Lawand Society in Japan – Final Papervan der Plas, Maarten Adriaan Pieter, ID: 201518012,Date: Jan. 5, 2017TheRight to Hate: Constitutional Obstacles to Hate Speech Legislation in Japan 1.      Introductionand Research QuestionAftersignificant hurdles, Japan finally became a participant in December 1995 to the1966 International Convention on the Elimination of All Forms of RacialDiscrimination (CER). Yet, just as the United States, it attached areservation, saying that Japan will fulfill the obligations of the treaty tothe extent that it is compatible with the “rights of freedom of assembly,association and expression and other rights under the Constitution of Japan”.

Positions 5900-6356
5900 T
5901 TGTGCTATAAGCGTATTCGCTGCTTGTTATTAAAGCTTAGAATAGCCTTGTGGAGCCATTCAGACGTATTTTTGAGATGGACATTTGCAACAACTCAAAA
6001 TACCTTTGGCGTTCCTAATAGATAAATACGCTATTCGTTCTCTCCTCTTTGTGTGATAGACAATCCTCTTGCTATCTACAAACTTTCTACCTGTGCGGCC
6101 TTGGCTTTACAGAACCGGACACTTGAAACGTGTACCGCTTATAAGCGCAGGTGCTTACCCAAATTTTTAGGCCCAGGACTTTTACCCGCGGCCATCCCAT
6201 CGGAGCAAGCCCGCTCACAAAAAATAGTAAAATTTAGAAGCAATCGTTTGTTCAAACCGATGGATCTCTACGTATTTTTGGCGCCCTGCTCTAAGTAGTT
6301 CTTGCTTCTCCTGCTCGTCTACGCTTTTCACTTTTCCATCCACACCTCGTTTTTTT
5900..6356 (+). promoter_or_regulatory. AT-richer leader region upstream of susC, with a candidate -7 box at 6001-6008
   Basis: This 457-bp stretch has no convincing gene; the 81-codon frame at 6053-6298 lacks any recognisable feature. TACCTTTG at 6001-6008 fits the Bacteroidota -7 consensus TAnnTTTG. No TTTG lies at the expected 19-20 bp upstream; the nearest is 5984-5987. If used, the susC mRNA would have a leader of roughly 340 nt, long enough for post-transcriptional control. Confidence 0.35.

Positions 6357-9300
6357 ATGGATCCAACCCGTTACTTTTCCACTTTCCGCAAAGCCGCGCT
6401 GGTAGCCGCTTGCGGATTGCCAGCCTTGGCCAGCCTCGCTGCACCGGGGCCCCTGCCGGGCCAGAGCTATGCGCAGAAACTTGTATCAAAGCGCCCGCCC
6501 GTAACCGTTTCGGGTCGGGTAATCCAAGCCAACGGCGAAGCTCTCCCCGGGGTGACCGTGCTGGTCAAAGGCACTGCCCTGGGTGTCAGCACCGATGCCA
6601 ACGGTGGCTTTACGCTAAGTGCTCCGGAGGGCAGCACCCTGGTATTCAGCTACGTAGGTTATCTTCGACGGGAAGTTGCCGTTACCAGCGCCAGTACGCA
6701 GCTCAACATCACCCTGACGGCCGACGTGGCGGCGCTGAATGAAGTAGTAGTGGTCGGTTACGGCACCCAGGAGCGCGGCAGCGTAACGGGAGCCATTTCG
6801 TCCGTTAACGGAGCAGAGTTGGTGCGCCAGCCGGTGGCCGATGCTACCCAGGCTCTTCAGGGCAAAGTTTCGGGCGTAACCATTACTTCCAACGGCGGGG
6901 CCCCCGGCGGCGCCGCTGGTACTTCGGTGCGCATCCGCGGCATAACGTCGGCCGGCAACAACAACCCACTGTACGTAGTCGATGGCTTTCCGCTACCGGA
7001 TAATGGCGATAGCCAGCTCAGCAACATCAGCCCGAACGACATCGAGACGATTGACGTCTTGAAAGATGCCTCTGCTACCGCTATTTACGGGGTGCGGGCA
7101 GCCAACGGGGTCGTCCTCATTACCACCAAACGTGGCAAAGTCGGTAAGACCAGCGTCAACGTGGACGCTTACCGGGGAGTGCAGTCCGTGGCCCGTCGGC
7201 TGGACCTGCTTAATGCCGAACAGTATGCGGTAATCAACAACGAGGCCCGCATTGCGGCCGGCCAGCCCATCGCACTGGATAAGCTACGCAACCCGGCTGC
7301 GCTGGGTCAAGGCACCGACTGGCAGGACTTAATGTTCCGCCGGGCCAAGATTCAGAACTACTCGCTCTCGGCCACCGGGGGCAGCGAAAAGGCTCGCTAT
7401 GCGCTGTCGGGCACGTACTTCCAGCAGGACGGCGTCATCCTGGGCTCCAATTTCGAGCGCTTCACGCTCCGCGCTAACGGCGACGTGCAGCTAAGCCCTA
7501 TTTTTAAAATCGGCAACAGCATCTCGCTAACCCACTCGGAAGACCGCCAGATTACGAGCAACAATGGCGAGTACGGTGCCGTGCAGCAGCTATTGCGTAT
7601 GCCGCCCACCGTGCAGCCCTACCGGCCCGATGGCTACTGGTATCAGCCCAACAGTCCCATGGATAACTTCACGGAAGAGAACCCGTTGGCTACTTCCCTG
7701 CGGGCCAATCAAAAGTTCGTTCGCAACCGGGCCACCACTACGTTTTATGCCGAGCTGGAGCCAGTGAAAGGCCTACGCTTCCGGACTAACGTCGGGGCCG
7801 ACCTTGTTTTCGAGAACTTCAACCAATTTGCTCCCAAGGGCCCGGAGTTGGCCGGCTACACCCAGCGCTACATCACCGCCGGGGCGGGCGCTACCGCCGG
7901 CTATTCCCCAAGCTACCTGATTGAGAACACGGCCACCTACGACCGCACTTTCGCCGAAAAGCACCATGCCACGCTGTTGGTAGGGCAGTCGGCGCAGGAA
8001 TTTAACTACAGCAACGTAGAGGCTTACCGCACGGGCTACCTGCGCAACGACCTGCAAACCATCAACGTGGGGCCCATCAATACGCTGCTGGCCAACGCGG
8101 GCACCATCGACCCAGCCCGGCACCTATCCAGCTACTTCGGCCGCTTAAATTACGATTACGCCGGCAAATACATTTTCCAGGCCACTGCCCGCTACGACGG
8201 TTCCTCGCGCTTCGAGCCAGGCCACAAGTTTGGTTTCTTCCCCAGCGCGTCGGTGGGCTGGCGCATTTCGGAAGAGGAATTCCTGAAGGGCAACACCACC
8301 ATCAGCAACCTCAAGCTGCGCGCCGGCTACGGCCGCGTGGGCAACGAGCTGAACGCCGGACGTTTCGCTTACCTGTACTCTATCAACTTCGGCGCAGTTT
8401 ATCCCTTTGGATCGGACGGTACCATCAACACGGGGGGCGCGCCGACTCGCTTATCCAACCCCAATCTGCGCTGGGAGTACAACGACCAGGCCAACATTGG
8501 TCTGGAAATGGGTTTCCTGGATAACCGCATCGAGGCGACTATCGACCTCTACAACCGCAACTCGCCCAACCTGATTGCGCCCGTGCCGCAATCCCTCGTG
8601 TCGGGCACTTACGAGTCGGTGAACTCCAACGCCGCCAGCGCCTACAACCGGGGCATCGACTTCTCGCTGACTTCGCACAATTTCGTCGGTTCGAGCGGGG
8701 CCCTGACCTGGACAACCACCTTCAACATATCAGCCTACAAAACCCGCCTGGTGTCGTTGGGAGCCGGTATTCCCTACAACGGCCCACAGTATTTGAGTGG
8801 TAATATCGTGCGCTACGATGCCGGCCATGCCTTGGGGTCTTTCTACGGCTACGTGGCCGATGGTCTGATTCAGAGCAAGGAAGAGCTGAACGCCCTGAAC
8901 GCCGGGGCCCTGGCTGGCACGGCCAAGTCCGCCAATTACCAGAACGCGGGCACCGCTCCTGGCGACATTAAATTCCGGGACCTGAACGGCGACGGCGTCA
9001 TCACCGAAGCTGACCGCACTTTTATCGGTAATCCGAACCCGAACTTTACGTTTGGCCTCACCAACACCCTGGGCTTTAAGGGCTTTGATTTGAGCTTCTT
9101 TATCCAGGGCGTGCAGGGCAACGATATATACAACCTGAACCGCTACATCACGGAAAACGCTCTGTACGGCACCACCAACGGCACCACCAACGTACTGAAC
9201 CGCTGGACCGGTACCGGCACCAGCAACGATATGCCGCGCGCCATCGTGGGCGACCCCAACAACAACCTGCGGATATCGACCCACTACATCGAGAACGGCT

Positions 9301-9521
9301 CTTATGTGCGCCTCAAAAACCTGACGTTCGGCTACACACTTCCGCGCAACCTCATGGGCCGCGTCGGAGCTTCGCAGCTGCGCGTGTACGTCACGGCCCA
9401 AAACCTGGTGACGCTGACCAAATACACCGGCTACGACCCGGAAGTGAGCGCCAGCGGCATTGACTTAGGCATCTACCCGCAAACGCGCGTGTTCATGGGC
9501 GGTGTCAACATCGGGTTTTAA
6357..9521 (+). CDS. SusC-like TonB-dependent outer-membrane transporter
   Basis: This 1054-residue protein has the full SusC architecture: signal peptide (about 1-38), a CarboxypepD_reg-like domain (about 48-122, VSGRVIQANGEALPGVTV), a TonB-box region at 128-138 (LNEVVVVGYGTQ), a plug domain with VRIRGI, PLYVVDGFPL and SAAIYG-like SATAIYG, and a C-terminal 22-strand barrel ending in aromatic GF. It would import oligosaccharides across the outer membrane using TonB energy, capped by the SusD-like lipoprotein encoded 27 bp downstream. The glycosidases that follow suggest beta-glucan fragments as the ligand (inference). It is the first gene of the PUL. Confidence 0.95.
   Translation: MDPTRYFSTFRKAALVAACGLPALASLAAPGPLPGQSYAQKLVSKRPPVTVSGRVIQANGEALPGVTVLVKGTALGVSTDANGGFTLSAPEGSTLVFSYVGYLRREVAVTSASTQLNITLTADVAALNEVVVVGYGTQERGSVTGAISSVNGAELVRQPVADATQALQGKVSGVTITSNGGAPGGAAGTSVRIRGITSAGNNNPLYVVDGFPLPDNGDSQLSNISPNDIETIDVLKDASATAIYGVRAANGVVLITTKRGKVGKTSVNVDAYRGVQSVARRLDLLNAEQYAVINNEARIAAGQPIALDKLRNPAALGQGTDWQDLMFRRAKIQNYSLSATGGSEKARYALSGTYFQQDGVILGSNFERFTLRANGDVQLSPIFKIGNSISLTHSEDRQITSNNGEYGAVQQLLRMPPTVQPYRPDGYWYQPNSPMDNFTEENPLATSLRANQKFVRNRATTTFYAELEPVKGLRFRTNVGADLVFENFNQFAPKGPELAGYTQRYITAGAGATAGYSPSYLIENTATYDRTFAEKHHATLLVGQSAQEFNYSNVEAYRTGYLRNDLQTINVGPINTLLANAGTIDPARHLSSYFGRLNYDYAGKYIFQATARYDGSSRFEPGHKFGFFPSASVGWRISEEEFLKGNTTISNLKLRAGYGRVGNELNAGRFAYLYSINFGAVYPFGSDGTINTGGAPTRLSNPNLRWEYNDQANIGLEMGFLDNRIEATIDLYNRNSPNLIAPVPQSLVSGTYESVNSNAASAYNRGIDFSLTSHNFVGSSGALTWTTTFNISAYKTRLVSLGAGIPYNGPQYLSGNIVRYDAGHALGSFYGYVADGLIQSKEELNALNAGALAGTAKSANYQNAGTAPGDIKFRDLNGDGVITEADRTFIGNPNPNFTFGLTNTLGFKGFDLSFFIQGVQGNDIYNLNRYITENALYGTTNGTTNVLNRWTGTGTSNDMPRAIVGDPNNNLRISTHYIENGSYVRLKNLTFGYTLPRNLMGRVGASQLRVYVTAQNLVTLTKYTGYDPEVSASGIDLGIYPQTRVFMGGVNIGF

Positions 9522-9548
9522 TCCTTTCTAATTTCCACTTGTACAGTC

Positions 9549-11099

Some two decades later, Japan’s Diet passed the Hate Speech Act of 20161, thefirst law of its kind. However, while the law aims to reduce hate speech, andwhile it arguably exists in order for Japan to fulfill its obligations under theCER2, inpart owing to the protection of the freedom of expression as found in theJapanese Constitution, it does not in fact lay out punishments for those whoutter hate speech3,and the act is unlikely to be very effective in stopping hate speech. Despiteincreasing international pressure on Japan to enact stricter regulations onhate speech, somewhat like the United States, so far, it has not enacted suchlegislation. This paper aims to find out why it is that Japan is so reluctantto penalize hate speech, and what obstacles are present in its constitution orlaw that make regulations difficult.2.       LiteratureReviewForstarters, in answering the above question, it is paramount to have a firm graspof matters concerning the Japanese Constitution, an in this regard, Ashibe’s “Kenp?”(2016) will be the primary literature to consult.